For those of you who know me well, you know that I have been talking about bees and honey incessantly the past couple of months (sorry about that, by the way). This is due to my serendipitous encounter with two wonderful artists and cultural entrepeneurs: Marius Presterud and Mikkel Dagestad. Otherwise known as Oslo Apiary. They found me through an article I wrote about psychogeography for the student journal Samfunnsgeografen, a copy of which they found in a café somewhere in Gamle Byen.
We have had many inspiring conversations. I have visited their hives in Sørenga. Sitting in the drizzling rain beneath exhaust towers — while the Flatbread Society made jam and berry pies with locally sourced fruit and berries over an open fire — was a transformative experience. With the fjord at my back and the Opera and the Barcode in the distance, it was the first moment in 2 ½ years in which I thought that I could actually make Oslo my home.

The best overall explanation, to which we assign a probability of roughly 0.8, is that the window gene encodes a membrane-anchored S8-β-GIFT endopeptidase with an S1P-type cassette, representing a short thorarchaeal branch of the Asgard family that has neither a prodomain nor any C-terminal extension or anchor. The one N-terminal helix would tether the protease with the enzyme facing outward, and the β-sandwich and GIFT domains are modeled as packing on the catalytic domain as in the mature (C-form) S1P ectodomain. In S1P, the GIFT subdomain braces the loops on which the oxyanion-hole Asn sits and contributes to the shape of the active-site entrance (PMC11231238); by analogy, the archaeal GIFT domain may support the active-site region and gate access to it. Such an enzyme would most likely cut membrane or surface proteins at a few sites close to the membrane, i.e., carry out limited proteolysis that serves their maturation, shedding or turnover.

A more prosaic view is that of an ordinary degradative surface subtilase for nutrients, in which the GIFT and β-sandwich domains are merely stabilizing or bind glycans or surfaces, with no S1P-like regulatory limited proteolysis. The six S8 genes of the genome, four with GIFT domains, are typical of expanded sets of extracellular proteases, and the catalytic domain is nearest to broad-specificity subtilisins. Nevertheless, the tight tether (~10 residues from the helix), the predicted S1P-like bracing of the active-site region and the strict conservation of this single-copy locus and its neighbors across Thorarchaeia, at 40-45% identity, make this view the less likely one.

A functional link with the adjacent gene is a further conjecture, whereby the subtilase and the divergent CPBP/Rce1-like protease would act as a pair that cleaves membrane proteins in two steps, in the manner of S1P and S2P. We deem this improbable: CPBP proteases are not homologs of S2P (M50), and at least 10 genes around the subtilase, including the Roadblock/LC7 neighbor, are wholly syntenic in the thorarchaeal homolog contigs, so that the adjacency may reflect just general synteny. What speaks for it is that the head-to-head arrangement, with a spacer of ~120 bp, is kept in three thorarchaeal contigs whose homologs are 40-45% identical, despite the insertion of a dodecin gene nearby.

Oslo Apiary came to the Department of Sociology and Human Geography this October for a seminar I give on art and environment in the course Global Environmental Change (taught by Karen O’Brien). While two students silently (and somewhat mysteriously) processed honey, Marius spoke about the history and philosophies of Oslo Apiary and about their various artistic interventions throughout the city of Oslo. Over fresh sourdough bread made by the lovely Milda Jonusaite Nordbø dripping with the honey processed by students, we discussed links between art and environment, nature and culture.
Above photograph by Torstein Throndsen, taken at a seminar in Global Environmental Change at the University of Oslo (2015).
Inspired by honey and Henri Lefebvre, Karen and I have just written this viewpoint piece on the art of urban transformations for the Urban Global Environmental Change (UGEC) blog. Using Lefebvre’s theory of moments as a departure point, we write about how artists create moments full of possibility in the spaces of the city. Such moments of possibility are what we argue to be at the heart of transformation. Have a read!
And then have a listen to The Jesus and Mary Chain for some lo-fi inspiration.